Graham Duffen, warned of EU risk to Remploy in 1999.
Back in November 1999, Graham Duffen, who at one time worked with disabled people in Remploy, wrote an article for the Euro Realist newsletter in which he warned of the threat to Remploy and employment for the disabled from the European Union. With the news that Remploy is to have a drastic cut to its funding Graham's article is repeated below.
Is the EU good for the disabled?
To explain the above question, I will break down what Britain did for the disabled before the EU came along. In those far off days Britain had two ways of employing people, first the disabled, due to war, were employed in factories set up under a company called Remploy which has factories up and down the country serving ex service men. In latter years they employed some civilian disabled to cover man-power shortages when the vast number of those disabled by war declined. As the factories came under the authority of the ministry of defence they were therefore not subject to many civilian regulations or restrictions.
Britain also has charities big and small such as the Spastics Society, now called Scope, employing hundreds of disabled people working in sheltered work places up and down the country. Over time these work places turned into successful businesses able to compete with real businesses. The government recognised that disabled workforces were not on an equal footing with other businesses and gave them funding designed to equalise the difference in production between the able bodied and the disabled.
Sadly, this type of equality has fallen foul of an EU blanket rulings designed to restrict unfair trade from countries using trade subsidies. The money the disabled were getting to equalise them with able bodied workers was classified as a subsidy. This meant that charities like scope were now faced with a big dilemma.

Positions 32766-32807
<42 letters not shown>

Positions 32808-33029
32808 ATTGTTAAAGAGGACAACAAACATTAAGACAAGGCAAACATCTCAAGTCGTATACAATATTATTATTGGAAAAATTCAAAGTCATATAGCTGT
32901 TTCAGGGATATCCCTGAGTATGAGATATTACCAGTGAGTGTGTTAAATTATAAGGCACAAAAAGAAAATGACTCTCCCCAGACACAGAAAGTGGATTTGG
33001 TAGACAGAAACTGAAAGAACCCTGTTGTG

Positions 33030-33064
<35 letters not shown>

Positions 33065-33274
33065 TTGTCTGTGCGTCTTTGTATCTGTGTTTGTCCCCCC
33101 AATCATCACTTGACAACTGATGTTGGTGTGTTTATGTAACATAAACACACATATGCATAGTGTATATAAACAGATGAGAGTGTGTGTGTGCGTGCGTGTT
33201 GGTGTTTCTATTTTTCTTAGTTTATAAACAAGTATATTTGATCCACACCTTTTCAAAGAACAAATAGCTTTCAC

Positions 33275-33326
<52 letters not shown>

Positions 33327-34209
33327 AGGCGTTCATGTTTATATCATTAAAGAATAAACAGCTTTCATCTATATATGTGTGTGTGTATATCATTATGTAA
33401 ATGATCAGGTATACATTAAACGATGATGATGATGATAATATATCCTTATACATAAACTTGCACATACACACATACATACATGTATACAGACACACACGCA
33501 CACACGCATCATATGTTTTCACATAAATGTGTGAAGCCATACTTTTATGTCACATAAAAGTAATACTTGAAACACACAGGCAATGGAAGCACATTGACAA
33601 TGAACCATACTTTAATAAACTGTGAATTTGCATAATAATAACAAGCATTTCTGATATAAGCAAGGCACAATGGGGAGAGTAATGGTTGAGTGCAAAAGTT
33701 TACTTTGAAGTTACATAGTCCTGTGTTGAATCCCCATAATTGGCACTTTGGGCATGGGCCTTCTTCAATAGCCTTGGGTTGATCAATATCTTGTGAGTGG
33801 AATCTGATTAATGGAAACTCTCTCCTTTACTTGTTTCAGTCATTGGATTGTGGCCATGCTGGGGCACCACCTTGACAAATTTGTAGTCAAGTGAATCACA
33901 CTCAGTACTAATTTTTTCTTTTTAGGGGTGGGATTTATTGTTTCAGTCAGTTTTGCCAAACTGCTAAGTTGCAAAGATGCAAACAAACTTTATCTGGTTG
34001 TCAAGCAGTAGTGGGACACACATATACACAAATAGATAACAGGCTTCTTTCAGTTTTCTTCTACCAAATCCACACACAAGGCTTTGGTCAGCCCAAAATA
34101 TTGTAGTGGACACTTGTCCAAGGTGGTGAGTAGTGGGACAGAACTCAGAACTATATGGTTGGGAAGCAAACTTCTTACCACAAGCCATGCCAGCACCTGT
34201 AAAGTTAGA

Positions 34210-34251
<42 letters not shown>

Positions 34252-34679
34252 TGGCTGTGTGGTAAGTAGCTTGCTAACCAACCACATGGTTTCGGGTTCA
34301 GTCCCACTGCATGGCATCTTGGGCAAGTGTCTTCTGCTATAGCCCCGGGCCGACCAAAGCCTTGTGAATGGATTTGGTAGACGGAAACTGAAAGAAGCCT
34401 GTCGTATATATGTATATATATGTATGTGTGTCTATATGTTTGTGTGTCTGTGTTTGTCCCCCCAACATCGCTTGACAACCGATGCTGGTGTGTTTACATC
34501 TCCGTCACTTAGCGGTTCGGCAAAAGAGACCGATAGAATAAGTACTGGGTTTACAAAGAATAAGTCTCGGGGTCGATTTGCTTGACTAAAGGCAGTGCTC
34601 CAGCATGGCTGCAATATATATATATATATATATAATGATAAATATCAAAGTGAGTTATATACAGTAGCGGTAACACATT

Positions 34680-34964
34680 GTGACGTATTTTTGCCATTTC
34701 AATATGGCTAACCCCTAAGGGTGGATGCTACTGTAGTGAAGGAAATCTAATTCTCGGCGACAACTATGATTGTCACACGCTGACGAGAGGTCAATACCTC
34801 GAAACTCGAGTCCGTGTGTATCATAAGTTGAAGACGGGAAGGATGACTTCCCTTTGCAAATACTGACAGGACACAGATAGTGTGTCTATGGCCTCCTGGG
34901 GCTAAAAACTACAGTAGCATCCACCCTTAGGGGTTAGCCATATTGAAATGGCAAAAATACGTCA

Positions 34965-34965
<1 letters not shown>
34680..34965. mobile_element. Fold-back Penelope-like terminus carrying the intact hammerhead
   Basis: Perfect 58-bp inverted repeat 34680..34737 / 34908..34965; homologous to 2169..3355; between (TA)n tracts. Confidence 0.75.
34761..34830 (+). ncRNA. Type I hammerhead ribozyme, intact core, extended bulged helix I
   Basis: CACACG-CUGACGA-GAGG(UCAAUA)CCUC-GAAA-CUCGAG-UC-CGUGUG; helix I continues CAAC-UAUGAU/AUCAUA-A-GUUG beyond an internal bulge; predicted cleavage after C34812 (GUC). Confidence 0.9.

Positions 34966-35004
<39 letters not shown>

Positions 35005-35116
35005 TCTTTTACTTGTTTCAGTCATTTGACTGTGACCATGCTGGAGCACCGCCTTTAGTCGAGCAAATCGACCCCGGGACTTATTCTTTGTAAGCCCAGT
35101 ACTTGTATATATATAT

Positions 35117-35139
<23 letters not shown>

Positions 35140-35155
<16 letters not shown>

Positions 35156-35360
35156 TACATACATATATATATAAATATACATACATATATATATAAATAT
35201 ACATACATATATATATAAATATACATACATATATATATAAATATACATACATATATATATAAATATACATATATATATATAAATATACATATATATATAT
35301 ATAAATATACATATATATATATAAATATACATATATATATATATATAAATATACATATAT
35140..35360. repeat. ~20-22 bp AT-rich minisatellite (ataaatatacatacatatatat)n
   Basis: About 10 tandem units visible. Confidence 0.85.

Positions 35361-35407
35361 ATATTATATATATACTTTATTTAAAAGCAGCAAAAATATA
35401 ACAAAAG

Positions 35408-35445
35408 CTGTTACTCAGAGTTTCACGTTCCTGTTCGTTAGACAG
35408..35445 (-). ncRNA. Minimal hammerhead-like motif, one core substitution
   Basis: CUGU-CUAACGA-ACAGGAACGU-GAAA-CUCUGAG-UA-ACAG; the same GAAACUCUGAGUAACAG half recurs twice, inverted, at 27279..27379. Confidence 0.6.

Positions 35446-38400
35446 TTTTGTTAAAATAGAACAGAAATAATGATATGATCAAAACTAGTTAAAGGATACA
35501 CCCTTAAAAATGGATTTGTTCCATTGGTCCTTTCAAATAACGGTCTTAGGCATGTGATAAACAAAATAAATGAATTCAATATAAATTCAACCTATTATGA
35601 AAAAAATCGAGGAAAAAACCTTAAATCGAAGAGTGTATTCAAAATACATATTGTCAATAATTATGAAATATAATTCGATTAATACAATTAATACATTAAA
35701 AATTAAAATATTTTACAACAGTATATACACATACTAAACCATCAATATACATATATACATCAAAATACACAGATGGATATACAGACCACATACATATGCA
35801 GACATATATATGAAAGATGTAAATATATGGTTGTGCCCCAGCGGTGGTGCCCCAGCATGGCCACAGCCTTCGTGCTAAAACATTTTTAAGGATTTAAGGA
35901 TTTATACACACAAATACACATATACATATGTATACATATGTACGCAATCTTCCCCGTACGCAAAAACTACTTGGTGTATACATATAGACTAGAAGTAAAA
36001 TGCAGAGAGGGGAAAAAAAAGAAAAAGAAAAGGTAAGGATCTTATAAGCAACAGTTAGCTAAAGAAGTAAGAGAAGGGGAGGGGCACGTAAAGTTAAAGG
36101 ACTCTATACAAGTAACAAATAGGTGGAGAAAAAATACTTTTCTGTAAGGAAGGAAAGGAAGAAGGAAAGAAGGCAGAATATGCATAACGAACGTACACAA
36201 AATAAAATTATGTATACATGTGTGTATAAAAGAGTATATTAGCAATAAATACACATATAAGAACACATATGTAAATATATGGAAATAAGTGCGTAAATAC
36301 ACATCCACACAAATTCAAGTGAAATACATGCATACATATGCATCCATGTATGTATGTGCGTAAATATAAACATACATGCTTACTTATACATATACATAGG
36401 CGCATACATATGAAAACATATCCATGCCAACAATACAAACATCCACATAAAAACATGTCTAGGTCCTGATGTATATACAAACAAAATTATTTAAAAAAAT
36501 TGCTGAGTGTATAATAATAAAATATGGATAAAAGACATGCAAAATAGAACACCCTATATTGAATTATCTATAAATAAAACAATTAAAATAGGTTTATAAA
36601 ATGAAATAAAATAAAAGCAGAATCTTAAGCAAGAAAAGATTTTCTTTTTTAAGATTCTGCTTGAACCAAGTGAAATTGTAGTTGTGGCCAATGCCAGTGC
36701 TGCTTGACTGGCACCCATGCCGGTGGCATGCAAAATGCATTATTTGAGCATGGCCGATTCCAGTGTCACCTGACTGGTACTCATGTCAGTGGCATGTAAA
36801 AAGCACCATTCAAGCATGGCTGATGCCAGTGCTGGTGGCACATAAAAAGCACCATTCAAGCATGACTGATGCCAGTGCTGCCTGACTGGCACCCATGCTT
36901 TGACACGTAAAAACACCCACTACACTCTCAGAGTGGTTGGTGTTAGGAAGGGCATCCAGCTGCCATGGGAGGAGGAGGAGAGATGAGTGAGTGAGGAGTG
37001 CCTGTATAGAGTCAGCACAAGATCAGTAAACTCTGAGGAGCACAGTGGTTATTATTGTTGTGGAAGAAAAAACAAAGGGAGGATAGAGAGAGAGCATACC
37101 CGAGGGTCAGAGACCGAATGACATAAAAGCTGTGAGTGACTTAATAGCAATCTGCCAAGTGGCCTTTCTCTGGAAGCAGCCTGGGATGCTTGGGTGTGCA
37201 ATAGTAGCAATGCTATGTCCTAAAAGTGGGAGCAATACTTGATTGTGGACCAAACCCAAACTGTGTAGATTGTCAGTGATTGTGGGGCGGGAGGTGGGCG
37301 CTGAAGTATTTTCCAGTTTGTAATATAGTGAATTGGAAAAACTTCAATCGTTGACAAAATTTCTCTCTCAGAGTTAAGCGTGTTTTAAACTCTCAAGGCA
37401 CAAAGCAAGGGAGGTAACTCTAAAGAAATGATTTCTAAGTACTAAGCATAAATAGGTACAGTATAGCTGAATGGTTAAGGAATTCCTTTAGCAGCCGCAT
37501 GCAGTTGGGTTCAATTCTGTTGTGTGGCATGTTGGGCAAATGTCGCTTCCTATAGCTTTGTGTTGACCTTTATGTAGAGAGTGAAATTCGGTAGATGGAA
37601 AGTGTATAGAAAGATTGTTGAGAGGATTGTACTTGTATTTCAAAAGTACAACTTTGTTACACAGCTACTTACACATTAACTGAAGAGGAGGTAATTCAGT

The charity could continue to back the many small businesses it runs, but without the necessary funding. In this case it would only be a matter of time before it would become bankrupt. This is why the other option of closing down the businesses before the rule came into effect went ahead with the consequence of making all the disabled unemployed.
The rules have now been extended to include the ministry of defence forbidding them to fund Remploy. Due to this Remploy has realised that it will no longer be able to exist in the future, a total rethink of the organisation has led to some changes. Remploy is now a Recruitment Service for the disabled, as this is not classified as a subsidy.
The Government can fund recruitment activities and has done so to the tune of £555 Million over five years for the Remploy organisation. This sum of money is massive, so why so much? Well the government will have to find a new job for every disabled person working in Remploy factories, there are over 3,000 of them.
Remploy says that it costs £20,000 per person per year to keep them in the factories and for a one off payment of £5.000 they can find them a job. This, however, is not true regarding the £20,000 as Remploy only take on the disabled with a work rate of not less than 80% of the speed of an able bodied man. If Remploy pays a wage of £10,000 only £2,000 can be put down to loss of productivity. Somehow, I don't think they are paying the disabled £100,000 each for them to arrive at this sum.
What I find appalling is that the government has not stood up for the vulnerable disabled in our country and has allowed the EU to walk all over them. This none action which has resulted in the deliberate loss of over 3,000 jobs for the disabled is a national disgrace. Spending £555 million on a disabled recruitment service to cover up the pending 3000 deliberate disabled job losses just because the Government would not stand up to the EU is an even bigger national disgrace.
So, in answer to my original question, is the EU good for the diabled? I think not.